Chapter 4: Flexible Conservation in Uncertain Times

Contemporary Issues in Climate Change Law and Policy: Essays Inspired by the IPCC, pp. 65-102, April 2016

UC Hastings Research Paper No. 180

University at Buffalo School of Law Legal Studies Research Paper. 2016-028

41 Pages Posted: 6 May 2016 Last revised: 26 Aug 2016

See all articles by Jessica Owley

Jessica Owley

University at Buffalo Law School; Universidad Pontificia Comillas (ICADE)

David Takacs

University of California Hastings College of the Law

Date Written: April 5, 2016

Abstract

This book chapter written in response to an examination of the IPCC’s 5th Assessment explores mechanisms that should find a place in our adaptation/mitigation toolbox. While some climate change efforts fall squarely into either the mitigation or adaptation camp, some — like land conservation — help mitigate the impacts of climate change and also help human and nonhuman communities adapt to climate change. This chapter presents ideas, programs, and property tools that incorporate changing landscapes while still providing environmental benefits. Specifically we explore using the Public Trust Doctrine, payments for ecosystem services, conservation easements, REDD , biodiversity offsets, debt for nature swaps, and community based resource management. Some of the programs are well established and we embrace them; some have been in use but we suggest changes; and some ideas are not fully developed but hopefully will serve as inspiration or conversation starters. Because of the complexity of climate change, along with the political and social landscape, these tools will not all be equally attractive in all areas. Additionally, the tools could be misused and lead to maladaptation or unanticipated, unintended consequences. Therefore, we conclude the chapter with a discussion of concerns related to these tools — an offering that could also serve as a checklist of considerations when forming implementation plans. Thus, we conclude not with a magic pill but with a variety of vitamins that haven’t yet received FDA approval. We think they will be good for you, but as with all such medications taken in the wrong quantities or in ill-advised combinations, they may be harmful to your health. Be sure to consult with your local climate scientists, biologists, policymakers, and neighbors before taking them.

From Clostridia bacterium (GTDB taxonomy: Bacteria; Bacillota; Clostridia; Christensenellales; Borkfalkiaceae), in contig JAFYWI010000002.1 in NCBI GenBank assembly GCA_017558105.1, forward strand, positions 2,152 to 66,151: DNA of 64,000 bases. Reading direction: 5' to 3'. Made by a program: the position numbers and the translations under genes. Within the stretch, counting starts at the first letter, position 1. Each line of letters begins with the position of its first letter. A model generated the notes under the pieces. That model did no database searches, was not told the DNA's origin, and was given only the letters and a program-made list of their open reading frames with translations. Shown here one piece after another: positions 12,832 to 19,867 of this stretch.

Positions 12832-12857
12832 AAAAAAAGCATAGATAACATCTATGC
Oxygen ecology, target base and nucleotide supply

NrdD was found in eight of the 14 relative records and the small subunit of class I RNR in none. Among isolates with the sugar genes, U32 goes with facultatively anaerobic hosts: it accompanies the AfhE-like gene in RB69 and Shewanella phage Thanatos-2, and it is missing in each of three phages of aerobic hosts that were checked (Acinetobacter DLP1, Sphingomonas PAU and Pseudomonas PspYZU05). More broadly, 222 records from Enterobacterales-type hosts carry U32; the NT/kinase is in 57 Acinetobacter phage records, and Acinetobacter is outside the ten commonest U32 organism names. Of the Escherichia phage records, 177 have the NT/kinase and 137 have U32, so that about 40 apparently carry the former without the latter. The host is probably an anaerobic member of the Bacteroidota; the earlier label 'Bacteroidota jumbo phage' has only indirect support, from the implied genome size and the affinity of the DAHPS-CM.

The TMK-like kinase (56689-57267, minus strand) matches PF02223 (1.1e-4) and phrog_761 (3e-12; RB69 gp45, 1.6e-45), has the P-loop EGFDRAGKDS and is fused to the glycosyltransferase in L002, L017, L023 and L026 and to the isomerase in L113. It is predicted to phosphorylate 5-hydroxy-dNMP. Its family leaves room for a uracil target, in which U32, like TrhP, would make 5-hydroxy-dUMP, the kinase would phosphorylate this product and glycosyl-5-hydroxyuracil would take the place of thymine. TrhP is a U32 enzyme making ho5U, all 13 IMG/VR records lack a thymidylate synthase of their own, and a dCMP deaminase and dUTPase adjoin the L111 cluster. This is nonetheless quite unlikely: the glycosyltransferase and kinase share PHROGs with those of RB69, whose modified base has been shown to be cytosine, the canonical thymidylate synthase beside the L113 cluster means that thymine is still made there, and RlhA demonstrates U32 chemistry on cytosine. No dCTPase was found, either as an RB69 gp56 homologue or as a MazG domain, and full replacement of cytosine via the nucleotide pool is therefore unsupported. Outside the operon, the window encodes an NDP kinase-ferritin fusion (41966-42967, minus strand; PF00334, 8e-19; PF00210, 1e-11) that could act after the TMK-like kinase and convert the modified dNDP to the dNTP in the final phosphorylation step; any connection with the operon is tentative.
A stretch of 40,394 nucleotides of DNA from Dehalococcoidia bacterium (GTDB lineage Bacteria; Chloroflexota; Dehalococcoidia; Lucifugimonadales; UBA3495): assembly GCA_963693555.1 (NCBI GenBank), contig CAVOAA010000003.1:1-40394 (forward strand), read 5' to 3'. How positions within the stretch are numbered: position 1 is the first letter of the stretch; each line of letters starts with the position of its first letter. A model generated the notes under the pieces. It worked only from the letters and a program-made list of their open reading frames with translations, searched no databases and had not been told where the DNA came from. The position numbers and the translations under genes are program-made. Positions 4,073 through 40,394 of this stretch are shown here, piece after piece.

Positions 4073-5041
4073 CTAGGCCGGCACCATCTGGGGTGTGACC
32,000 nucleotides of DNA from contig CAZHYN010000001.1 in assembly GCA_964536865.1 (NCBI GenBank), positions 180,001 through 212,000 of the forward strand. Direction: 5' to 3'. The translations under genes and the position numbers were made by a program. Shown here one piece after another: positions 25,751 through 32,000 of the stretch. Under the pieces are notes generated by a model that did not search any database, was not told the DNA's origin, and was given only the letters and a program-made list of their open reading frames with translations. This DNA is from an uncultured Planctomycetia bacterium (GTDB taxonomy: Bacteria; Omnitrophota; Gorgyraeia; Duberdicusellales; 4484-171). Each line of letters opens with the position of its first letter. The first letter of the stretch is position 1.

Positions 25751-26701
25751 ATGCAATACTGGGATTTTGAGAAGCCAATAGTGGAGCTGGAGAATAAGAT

Suggested Citation

Owley, Jessica and Takacs, David, Chapter 4: Flexible Conservation in Uncertain Times (April 5, 2016). Contemporary Issues in Climate Change Law and Policy: Essays Inspired by the IPCC, pp. 65-102, April 2016; UC Hastings Research Paper No. 180; University at Buffalo School of Law Legal Studies Research Paper. 2016-028. Available at SSRN: https://ssrn.com/abstract=2700658

Jessica Owley (Contact Author)

University at Buffalo Law School ( email )

School of Law
528 O'Brian Hall
Buffalo, NY 14260-1100
United States
716-645-8182 (Phone)
716-645-2064 (Fax)

Universidad Pontificia Comillas (ICADE) ( email )

Alberto Aguilera 23
Madrid, Madrid 28015
Spain

David Takacs

University of California Hastings College of the Law ( email )

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